Content isn't king. Distribution isn't king. Ultimate success in digital publishing requires both.
We have all heard the oft-vocalized slogan "Content is king." On the flip side, many of you digital publishers have also probably heard the saying "Distribution is king." What do I say? Well, to stick with the "king" theme: "Hear ye, hear ye…in digital publishing there is no king." That's right, I said it, the king is dead! Ultimate success in digital publishing requires both good content and good distribution (i.e., there is no single king).
While most aspiring digital publishers believe they have the "good content" part of the equation down, how on earth are they (the people with a voice that spend their days pounding away at a keyboard in their basement) supposed to get access to good distribution? We all know that in the offline world getting broad distribution of your content is about as likely as Elvis Presley and Tupac reappearing to headline Coachella 2013 (and I mean in real life, not as some hologram…as cool as that was). Since distribution is so impossible, should aspiring publishers just give up?
Heck no…to the Internet we go. Keep pounding away at that keyboard folks because, on the Internet, distribution is not a closed club restricted to those with surnames like Spielberg and Spelling. On the Internet there are seemingly endless ways to push content out there in the hope that it will get discovered. Need some examples? Well, web publishers have been smartly using SEO techniques for years as a way of obtaining distribution of their content through search. Then came social media and web publishers have been leveraging the likes of Facebook, Twitter, and Pinterest ever since as a way to get their content to go "viral" (a fancy new word for "distribution"). While there are volumes of articles written about how to leverage SEO and social media to drive audience/distribution (i.e., they are old news), publishers are still in the early stages of learning how to best leverage audience marketing platforms, which have emerged fairly recently as a powerful way to drive content distribution.
Audience marketing platforms vary in type. There are CPC content exchanges (see Outbrain), which allow publishers to seed their content across a network of sites on a cost-per-click payment basis, and there are audience exchange platforms (see Crowd Ignite), which organically seed content thumbnails from participating publishers across a co-op of relevant websites. Audience marketing platforms are a great method of obtaining distribution as they place a publisher's content in front of a relevant reader who actually wants to read the content at the exact time it is put in front of them. Simple, but genius!
While it's impossible to know exactly what a web user is thinking at any given time, audience exchange platforms give it their best shot by relying on data-driven algorithms and contextual matching engines to seed content to readers. Think about it, if I'm reading an article about Kanye West, how likely am I to want to read an article about "the ten most outrageous events at an awards show"? Or if I'm reading a recipe on how to bake chocolate chip cookies, isn't it natural to think that I will be interested in an article about "the best type of chocolate chips for baking"? As exemplified in the preceding sentences, audience marketing platforms pool together content from thousands of websites and use data to try and seed the most relevant articles in front of readers at just the time when the reader is likely to want to read that article. Publishers have begun to leverage these new tools en masse, but smart publishers looking for distribution need to think through the best ways to leverage new tools like these.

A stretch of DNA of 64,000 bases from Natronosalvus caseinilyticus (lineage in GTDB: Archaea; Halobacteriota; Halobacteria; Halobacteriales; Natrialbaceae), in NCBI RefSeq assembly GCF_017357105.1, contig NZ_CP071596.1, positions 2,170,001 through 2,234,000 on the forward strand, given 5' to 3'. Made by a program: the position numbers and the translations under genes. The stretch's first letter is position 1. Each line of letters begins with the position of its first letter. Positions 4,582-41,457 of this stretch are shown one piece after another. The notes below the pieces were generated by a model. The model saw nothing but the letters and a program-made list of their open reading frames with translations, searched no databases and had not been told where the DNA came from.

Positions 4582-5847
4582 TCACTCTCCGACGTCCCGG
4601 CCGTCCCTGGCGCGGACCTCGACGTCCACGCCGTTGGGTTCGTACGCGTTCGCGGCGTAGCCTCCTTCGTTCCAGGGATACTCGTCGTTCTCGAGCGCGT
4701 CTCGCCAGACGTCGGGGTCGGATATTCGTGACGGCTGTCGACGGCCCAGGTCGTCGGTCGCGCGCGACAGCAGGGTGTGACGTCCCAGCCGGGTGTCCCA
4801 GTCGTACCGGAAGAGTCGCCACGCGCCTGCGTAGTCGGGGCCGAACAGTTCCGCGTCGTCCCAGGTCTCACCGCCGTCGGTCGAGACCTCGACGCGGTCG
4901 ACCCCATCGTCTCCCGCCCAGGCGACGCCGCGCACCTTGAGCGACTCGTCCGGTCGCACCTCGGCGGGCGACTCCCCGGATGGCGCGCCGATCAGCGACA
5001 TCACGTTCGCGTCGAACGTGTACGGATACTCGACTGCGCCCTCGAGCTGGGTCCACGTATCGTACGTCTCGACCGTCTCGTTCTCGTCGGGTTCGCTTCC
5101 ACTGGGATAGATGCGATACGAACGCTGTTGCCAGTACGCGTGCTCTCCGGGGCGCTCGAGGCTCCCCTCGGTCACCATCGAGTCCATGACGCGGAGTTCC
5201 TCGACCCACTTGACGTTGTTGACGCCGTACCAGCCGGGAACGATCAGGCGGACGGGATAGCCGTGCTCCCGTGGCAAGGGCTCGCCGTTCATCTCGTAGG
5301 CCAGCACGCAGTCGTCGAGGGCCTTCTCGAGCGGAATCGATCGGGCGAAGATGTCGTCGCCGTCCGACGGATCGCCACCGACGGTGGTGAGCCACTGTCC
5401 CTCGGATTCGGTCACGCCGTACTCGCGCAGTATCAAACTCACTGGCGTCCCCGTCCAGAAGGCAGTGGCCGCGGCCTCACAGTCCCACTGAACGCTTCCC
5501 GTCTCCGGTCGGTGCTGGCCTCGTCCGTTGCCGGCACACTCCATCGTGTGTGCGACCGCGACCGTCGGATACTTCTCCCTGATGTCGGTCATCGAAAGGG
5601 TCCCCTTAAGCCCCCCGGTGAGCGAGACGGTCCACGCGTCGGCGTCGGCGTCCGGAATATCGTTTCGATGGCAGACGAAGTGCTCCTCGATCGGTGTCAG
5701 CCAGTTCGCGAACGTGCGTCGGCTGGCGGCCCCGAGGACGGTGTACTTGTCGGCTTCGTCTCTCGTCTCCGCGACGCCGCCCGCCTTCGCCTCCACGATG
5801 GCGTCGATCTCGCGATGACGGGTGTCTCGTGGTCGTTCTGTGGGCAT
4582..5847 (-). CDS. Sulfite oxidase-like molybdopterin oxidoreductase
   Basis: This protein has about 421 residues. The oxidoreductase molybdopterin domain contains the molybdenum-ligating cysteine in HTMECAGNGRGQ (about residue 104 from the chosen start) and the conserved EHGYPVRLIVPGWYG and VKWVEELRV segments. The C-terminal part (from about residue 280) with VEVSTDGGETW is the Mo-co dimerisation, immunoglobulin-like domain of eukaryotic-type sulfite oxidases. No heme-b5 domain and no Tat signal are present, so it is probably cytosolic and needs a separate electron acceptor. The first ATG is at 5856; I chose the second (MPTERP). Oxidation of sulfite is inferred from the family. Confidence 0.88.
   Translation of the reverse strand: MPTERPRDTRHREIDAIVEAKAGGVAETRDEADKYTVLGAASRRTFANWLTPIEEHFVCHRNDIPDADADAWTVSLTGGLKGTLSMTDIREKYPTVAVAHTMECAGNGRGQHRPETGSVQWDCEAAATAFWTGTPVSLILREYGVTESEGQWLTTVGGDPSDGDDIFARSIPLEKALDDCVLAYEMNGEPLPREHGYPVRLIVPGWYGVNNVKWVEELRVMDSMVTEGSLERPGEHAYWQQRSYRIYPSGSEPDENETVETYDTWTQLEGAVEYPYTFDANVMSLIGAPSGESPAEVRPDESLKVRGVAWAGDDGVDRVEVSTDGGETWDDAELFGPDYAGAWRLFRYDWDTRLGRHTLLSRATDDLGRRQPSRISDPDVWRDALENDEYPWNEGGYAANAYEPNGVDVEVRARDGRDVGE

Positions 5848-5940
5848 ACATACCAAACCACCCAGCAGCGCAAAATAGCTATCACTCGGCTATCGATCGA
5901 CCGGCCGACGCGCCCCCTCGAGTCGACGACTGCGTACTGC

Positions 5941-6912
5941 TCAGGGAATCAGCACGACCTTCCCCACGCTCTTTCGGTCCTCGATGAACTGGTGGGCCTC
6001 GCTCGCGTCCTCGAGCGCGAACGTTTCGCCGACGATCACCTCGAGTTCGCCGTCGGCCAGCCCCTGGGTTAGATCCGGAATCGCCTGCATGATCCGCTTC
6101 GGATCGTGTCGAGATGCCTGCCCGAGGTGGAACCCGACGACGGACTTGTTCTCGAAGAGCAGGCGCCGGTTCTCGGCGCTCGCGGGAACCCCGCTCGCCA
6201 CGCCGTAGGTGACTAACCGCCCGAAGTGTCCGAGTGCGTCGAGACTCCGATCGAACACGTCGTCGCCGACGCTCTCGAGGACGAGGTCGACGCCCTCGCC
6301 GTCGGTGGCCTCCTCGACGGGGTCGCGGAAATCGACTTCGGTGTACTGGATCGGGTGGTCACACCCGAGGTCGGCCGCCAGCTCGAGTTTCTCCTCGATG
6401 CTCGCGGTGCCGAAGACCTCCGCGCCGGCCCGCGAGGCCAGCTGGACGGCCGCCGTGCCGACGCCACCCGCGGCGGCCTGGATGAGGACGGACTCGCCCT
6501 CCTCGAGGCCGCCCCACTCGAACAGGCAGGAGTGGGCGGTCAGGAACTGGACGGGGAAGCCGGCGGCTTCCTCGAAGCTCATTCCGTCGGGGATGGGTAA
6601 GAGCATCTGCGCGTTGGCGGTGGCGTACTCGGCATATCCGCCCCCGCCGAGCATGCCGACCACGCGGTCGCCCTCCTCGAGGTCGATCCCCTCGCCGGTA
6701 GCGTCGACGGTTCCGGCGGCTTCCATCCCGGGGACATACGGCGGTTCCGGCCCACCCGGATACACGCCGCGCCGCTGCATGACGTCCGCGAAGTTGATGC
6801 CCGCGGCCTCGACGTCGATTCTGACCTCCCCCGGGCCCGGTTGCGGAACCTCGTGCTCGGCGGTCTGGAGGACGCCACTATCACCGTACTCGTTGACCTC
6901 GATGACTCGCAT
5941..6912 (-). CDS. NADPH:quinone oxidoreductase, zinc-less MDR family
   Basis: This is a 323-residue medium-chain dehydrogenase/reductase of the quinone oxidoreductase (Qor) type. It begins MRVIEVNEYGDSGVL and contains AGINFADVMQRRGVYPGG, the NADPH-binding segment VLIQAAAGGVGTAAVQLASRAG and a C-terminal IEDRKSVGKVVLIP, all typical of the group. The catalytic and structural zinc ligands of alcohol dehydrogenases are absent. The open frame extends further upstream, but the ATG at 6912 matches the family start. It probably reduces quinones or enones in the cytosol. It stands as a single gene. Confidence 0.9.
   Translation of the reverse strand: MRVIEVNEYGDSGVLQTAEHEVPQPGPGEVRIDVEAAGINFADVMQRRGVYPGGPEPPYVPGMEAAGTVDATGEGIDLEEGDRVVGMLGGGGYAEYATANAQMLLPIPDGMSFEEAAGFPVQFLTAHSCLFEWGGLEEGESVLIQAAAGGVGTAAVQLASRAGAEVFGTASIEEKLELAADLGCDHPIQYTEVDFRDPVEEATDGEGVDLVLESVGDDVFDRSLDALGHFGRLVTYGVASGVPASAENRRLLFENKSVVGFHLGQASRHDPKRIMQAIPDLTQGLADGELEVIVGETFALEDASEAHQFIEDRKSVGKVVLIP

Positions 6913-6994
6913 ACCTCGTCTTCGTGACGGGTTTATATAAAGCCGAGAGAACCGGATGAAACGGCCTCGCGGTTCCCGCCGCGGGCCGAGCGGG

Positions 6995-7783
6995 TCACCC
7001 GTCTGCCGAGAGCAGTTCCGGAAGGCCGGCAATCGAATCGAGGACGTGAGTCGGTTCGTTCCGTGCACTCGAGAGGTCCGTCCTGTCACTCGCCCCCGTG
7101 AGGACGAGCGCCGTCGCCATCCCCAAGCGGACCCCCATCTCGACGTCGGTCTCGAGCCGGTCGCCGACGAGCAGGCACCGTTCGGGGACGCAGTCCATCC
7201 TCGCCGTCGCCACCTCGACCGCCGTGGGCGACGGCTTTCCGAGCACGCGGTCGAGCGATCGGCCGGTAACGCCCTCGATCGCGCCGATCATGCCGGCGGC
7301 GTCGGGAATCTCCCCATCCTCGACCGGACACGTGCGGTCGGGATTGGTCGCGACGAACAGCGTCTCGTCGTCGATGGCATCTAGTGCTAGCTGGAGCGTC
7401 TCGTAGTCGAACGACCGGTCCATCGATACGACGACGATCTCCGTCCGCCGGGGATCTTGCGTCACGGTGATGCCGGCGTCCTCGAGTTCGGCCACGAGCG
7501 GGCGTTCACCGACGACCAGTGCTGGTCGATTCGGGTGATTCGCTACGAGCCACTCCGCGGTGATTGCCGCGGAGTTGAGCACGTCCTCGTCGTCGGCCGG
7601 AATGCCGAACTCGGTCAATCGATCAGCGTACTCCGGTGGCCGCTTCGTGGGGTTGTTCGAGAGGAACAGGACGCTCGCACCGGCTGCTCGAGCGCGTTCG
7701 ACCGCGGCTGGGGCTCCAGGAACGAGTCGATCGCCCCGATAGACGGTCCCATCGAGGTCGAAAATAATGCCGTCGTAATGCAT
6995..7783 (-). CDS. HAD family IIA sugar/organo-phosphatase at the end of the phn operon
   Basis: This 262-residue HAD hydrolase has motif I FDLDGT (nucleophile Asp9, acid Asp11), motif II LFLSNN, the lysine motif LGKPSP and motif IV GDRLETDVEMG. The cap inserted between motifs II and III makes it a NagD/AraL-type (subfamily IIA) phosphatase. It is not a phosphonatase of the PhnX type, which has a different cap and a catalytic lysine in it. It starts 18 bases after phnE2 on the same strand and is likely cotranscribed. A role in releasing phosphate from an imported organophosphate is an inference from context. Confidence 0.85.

Is content king or is distribution king? We can debate that topic for days, but I say that if there is a "king" at all it is the publisher who takes their content and leverages the many tools that exist online to get distribution of that content.
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Keith Bonnici serves as the senior vice president of corporate development for Evolve Media Corp., and has presided over 30 acquisitions by the company since 2007. His role allows him to oversee the company's mergers and acquisitions efforts, which include working alongside Evolve's executive team to establish and refine Evolve's M&A strategy and drive its execution. Working closely with company stakeholders, Keith assists in the establishment of large scale partnerships that drive company growth and profitability.
In addition to his corporate development role, Keith serves as the general manager of SpringBoard Video, an online video player (OVP) technology and advertising services division of Evolve Media Corp, which he helped launch in late 2010. In that role Keith is responsible for managing a growing team of 25 employees in the areas of business operations, business development, marketing, advertising sales, and product development. Today, SpringBoard Video powers over 200 million monthly in-content video streams, which are exclusively monetized by a dedicated SpringBoard video advertising sales team.
Prior to his tenure with Evolve, Keith was an associate at the global law firm of Latham and Watkins, LLP where he worked on a number of public and private M&A and financing deals for Fortune 500 companies. Keith holds a law degree from the University of California, Hastings College of the Law, and an undergraduate degree in Economics from the University of California Santa Barbara. He also studied at the University of Peking in China, receiving a certificate in Mandarin.
Past participated conferences: Digital Hollywood and OMMA Global.
Specialties: Video, mergers and acquisitions, content distribution, product development, marketing and digital ad sales.
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